Across the museum’s parking lot, the Fonner Rotunda tells the story of Native Americans in the area and holds collections of various artifacts from the Old West. The large assortment of spurs is fascinating.
The 200-acre property also is home to many historic buildings. Railroad Town, a re-creation of an 1800s Nebraskan village, comes alive during Living History Days in the summer. Expect to visit this expansive museum for several hours or more.
The Archway tells the story of the Great Platte River Road. | Photo courtesy Grand Island Tourism
Kearney, not just for college kids
Best known as home to more than 4,000 college students enrolled at the University of Nebraska Kearney, this town offers more than good happy hours.
The Archway may be one of the biggest tourist traps in Nebraska, but it’s worth visiting. Stretching across I-80 in Kearney, the attraction celebrates the Great Platte River Road while the tale of Nebraska is relayed through the use of life-size displays and headsets. Guests follow the historic road through stories of pioneers who braved the first rutted trail to the families who drove automobiles on road trips down the Lincoln Highway.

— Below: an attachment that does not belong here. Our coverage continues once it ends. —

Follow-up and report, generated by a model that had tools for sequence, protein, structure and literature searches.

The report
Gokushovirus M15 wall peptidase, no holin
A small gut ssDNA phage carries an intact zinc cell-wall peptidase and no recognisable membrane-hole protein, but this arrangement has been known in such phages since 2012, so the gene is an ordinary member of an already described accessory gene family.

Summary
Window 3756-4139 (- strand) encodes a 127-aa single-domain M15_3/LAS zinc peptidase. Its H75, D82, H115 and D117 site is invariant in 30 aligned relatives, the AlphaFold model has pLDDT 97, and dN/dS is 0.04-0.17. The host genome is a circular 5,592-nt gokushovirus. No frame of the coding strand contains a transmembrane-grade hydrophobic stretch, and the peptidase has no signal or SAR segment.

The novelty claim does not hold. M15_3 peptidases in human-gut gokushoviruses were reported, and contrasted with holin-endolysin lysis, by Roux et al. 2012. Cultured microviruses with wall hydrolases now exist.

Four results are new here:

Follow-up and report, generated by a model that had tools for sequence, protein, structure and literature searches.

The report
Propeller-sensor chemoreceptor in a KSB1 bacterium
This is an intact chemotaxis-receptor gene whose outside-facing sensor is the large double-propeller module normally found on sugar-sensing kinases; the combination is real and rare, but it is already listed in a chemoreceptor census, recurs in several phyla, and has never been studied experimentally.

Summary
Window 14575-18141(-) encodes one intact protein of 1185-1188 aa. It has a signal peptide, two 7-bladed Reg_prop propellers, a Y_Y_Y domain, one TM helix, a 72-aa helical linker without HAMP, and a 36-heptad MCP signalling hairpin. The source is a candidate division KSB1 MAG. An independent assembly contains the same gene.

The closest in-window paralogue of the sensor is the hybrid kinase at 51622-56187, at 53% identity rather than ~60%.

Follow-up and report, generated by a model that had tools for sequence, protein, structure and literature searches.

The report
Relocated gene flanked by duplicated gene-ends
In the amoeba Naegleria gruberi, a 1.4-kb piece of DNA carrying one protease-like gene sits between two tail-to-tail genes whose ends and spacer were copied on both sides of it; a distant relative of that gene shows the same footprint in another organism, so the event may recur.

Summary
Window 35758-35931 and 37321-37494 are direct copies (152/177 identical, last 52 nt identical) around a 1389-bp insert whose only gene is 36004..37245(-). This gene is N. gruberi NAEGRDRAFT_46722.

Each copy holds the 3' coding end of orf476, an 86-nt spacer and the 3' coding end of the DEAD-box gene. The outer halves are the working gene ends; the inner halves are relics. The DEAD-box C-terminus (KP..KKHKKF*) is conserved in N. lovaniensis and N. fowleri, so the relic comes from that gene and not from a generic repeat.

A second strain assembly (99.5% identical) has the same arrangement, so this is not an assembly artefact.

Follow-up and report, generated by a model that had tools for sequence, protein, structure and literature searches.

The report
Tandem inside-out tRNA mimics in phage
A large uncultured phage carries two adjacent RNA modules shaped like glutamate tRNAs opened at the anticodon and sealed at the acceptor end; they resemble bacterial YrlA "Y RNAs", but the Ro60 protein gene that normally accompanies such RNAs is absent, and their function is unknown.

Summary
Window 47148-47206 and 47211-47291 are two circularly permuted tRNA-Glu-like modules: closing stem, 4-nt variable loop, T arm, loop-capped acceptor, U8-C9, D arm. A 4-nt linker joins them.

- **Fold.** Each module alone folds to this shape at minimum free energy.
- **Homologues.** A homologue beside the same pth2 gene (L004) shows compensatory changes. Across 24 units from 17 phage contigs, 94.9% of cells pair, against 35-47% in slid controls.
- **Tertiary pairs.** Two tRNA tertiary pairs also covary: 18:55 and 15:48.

The Lincoln Highway, which cuts through Grand Island and Kearney, is one of the first trans-continental highways constructed in the United States. It runs from New York to San Francisco. The route in west Nebraska runs through rural towns like Lexington and is lined with old gas stations and motels from a bygone era.
The Archway is less a museum and more of an experience, and it provides the visitor with a real sense of what travel through Nebraska has been like through the years.
Downtown Kearney is crisscrossed by the railroad, and trains are a constant in this town. It’s not surprising that a large part of the Archway is dedicated to telling the history of the railroad.
Discophiles delight in Buffalo Records, a downtown vinyl store offering new and used records for every taste. Across the road is the original Thunderhead Brewing Co.
Open since 1999, Thunderhead serves up tasty pizza and has perfected its many beer offerings. Today, there are Thunderhead locations in Axtell and Omaha, Nebraska, but the Kearney brewhouse still feels like a small-town brewpub.